Remarkable yet little-known photographs presenting a tableau of life in the 1970s go on show at the Hat Factory in Luton this week.
John Myers’ black-and-white portrait and landscape photography of the West Midlands is now attracting significant critical attention after going almost unnoticed for over 30 years.
The work depicts the housing estates, blocks of flats, cul-de-sacs, garages and electricity substations that populated his local area. Myers’ vision is nostalgic, portraying the streets of Britain in the 1970s and the economic dislocation of the early 1980s.
The exhibition includes eight poignant industrial landscapes, never previously exhibited, which capture the rapid transition following the collapse of British manufacturing in the early 1980s. The West Midlands, and particularly The Black Country, were particularly badly hit as “smoke stack” industries and the architecture associated with them were replaced with vast modern distribution units and retail parks.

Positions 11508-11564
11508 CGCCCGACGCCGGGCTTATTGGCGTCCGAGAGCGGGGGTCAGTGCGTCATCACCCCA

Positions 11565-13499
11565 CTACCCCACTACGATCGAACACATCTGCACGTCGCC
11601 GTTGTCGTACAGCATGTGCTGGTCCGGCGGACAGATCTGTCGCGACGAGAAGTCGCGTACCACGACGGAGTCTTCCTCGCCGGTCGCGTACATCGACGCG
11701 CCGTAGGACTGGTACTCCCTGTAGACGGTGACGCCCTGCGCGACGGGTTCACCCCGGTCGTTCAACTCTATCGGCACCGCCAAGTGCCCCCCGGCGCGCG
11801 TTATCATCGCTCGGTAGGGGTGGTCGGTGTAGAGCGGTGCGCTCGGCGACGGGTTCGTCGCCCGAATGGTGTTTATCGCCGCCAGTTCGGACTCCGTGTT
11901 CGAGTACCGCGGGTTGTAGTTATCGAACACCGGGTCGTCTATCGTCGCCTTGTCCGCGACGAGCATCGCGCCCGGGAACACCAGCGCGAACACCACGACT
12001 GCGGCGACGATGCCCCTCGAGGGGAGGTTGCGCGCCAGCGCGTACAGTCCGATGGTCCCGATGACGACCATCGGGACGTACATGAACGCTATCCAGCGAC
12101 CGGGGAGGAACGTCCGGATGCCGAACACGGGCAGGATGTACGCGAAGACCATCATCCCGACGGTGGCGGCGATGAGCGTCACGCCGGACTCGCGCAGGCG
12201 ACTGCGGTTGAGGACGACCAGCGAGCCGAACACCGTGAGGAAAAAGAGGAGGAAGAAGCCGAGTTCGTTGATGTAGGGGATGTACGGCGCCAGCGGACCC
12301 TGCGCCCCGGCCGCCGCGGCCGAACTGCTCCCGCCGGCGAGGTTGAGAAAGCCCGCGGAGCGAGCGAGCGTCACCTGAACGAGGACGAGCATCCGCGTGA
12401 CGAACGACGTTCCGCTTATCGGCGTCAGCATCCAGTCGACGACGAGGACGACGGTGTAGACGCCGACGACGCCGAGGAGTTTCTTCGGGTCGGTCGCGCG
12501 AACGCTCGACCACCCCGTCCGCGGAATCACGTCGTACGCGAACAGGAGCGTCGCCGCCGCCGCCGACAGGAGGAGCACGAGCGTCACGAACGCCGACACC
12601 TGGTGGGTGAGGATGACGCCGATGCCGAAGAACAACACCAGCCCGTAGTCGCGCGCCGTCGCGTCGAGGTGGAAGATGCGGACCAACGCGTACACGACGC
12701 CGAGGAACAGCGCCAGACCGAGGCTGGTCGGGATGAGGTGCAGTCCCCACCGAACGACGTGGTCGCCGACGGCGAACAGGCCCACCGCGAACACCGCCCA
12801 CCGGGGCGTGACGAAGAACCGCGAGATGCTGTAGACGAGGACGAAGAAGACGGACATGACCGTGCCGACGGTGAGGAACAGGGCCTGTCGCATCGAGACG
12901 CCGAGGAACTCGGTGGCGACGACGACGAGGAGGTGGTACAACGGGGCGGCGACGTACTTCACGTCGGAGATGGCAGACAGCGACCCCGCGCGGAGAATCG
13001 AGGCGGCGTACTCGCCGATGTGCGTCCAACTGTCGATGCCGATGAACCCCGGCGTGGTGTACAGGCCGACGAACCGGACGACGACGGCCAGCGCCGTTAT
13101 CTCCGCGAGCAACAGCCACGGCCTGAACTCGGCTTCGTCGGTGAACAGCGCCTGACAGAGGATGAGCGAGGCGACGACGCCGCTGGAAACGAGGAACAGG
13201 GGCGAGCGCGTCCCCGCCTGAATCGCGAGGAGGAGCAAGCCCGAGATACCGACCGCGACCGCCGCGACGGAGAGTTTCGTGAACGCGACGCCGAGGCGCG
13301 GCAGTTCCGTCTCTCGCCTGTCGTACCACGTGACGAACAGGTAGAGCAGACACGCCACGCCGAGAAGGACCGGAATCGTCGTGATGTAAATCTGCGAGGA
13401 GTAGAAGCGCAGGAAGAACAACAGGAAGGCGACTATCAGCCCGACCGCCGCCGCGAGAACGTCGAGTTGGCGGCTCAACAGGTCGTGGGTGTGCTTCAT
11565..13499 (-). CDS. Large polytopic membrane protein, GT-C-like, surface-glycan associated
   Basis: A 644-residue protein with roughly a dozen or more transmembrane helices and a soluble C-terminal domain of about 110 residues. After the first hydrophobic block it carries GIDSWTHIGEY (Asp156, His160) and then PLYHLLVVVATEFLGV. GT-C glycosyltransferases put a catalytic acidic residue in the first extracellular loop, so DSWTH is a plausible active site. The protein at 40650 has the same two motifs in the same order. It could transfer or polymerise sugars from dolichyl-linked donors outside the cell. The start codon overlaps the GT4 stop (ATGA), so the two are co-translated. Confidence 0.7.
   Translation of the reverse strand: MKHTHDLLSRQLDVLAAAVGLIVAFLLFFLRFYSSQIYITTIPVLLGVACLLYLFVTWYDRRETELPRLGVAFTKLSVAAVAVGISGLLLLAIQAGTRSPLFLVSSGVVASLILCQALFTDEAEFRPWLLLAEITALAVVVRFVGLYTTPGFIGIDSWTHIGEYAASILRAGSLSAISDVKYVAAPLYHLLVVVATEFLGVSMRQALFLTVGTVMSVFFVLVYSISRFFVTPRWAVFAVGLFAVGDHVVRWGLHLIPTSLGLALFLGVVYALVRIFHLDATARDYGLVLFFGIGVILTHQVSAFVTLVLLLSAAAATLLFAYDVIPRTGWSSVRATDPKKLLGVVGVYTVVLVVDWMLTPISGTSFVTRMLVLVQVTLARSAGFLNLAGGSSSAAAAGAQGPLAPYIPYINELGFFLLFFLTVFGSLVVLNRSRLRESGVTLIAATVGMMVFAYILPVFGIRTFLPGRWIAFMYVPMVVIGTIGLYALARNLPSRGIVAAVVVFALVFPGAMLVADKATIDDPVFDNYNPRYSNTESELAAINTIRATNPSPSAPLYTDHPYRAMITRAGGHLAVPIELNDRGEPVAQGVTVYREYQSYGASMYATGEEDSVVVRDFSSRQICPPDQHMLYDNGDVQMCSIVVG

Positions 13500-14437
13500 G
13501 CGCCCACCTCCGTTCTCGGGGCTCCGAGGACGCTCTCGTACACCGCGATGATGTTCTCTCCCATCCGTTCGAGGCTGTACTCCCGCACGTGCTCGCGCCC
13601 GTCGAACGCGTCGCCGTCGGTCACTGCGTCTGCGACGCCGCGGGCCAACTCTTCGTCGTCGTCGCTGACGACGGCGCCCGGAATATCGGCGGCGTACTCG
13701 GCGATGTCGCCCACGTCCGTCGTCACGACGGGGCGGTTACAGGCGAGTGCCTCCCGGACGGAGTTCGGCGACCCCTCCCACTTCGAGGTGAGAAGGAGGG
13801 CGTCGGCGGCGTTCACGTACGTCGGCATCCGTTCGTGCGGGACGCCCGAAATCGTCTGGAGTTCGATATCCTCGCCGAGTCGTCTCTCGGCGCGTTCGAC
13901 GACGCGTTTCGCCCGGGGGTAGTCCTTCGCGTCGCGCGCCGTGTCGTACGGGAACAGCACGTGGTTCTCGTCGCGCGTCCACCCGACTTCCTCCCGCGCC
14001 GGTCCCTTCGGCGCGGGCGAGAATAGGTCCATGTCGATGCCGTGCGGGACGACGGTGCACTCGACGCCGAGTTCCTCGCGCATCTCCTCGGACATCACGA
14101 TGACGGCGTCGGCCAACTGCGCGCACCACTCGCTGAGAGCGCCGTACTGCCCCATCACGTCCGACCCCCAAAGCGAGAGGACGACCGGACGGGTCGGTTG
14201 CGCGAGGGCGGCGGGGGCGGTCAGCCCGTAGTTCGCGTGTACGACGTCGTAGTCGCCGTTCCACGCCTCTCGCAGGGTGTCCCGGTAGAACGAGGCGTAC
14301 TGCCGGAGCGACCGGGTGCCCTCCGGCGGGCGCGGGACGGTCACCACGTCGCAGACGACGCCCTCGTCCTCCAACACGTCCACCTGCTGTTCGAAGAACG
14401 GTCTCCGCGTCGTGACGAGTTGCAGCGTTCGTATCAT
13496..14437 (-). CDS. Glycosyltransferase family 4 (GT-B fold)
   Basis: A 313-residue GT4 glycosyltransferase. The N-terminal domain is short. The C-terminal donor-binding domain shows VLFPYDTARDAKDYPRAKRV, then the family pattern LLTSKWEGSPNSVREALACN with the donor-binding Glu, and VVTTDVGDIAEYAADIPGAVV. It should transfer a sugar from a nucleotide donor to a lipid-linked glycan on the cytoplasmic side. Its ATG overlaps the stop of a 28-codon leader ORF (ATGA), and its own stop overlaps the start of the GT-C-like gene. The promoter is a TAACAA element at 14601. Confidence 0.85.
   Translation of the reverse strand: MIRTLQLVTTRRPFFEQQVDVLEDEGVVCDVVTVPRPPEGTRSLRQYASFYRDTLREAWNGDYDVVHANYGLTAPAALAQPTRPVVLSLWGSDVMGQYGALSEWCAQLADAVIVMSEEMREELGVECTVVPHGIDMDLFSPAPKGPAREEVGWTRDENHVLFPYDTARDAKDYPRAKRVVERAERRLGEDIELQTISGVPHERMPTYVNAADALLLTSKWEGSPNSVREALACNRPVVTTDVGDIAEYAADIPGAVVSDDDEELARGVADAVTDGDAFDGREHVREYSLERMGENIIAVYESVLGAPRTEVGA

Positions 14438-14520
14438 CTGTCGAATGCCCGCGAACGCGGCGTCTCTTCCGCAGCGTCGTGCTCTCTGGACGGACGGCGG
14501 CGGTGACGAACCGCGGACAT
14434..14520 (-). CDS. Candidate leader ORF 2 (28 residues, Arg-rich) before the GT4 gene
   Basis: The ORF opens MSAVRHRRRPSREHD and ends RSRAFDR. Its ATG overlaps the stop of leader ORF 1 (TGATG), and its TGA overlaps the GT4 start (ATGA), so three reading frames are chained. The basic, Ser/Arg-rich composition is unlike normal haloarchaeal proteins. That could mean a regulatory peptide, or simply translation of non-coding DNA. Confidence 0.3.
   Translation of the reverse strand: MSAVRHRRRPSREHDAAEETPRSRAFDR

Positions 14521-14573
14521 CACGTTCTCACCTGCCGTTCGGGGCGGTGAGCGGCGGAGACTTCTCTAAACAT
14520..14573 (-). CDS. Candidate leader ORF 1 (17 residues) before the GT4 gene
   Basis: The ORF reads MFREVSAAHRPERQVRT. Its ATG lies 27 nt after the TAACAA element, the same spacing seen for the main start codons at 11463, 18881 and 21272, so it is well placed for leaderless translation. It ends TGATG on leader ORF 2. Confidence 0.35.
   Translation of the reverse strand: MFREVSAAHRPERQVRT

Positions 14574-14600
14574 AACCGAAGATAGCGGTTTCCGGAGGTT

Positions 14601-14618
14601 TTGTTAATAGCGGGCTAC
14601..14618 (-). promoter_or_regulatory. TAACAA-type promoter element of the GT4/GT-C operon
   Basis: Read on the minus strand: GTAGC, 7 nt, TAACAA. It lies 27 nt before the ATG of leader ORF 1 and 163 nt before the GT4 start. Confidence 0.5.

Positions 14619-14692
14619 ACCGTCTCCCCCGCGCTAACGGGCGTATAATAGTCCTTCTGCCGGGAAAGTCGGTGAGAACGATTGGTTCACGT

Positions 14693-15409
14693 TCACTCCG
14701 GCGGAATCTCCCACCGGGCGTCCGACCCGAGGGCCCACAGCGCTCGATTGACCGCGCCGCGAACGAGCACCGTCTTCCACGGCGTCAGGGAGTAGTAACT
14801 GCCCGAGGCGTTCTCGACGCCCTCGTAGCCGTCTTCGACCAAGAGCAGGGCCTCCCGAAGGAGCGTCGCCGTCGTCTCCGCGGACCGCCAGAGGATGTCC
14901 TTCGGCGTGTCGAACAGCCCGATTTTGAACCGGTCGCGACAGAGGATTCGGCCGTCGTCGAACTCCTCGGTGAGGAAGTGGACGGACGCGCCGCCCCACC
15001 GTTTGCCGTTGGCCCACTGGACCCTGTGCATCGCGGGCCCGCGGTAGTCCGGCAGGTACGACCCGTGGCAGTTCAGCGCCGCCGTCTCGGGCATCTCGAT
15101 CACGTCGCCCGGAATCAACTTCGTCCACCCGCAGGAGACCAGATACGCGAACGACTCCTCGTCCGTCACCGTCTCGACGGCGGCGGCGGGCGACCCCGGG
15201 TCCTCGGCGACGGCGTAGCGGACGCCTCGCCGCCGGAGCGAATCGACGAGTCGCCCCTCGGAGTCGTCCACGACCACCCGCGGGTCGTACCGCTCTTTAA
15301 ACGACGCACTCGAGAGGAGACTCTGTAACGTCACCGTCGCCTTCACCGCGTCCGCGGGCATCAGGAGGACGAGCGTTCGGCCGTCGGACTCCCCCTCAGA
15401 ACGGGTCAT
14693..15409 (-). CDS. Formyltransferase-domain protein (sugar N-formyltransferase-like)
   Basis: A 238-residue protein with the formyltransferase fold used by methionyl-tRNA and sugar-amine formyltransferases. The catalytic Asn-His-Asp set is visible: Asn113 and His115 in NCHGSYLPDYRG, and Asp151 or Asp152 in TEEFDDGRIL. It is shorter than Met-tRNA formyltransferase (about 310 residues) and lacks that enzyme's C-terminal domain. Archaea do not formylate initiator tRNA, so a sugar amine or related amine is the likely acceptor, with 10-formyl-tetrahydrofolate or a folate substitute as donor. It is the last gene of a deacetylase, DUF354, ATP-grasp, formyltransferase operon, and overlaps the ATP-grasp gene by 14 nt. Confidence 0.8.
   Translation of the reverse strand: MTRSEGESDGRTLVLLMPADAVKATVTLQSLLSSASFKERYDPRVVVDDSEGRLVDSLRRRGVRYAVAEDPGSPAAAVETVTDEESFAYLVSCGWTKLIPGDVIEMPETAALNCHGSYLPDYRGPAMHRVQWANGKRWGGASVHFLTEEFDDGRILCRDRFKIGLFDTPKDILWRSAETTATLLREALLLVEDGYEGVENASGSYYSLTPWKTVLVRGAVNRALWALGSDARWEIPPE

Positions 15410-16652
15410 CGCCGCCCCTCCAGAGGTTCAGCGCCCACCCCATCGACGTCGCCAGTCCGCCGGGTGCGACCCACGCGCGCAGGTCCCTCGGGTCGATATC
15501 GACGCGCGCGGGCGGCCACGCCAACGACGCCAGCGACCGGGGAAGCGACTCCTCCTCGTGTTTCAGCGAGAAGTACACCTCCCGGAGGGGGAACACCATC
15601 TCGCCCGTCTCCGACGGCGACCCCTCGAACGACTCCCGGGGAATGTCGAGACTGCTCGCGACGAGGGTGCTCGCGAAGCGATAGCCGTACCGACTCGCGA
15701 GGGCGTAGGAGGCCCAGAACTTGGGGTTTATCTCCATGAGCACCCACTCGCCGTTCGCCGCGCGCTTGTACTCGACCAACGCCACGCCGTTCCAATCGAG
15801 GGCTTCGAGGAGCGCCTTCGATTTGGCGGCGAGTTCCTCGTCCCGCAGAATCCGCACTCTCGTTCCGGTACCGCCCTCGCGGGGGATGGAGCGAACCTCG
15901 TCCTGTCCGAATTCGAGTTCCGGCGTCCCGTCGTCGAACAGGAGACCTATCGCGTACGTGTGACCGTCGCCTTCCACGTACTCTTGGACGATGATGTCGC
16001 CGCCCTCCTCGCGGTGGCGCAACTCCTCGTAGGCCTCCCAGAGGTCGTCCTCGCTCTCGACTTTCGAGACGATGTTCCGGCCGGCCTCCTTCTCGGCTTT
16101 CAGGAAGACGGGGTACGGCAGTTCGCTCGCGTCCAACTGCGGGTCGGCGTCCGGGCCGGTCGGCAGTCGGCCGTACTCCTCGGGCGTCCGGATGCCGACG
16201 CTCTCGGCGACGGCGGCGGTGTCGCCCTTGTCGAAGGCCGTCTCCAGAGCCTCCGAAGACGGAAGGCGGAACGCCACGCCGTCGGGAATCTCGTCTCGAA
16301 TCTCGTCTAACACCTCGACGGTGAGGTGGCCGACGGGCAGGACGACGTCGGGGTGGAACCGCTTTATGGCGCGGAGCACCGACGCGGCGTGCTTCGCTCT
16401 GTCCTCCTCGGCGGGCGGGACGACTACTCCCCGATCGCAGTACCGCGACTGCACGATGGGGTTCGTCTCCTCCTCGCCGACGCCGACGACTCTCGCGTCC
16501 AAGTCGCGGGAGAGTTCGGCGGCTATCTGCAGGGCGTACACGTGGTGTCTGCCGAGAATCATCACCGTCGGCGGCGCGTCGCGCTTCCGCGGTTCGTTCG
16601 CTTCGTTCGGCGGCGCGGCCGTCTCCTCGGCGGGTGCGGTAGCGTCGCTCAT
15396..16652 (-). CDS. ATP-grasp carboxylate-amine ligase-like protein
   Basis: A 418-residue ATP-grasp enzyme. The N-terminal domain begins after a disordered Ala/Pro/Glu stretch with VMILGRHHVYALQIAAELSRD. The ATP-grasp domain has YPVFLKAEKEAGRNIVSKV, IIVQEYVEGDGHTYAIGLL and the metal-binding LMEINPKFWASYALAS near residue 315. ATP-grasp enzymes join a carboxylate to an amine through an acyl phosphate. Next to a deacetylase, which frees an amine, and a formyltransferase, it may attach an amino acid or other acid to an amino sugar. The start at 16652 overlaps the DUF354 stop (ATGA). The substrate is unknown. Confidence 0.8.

Drawing on his work as a lecturer at Stourbridge College of Art, Myers’ approach to photography was inspired by the simple forms and muted palette of minimalist sculpture. Although his work is thoroughly English in feel, Myers was a contemporary of American landscape photo-graphers including Stephen Shore, Lewis Baltz and Robert Adam.
A spokesman for Luton Culture, which is staging the exhibition at the Hat Factory, said: “In addition to the pictures’ conceptual purity, Myers’ work also represents a remarkable panorama of Britain in the 1970s.”
The exhibition, titled The World is Not Beautiful, runs from Friday, February 24, to Saturday, April 29. Visit www.lutonculture.com for details.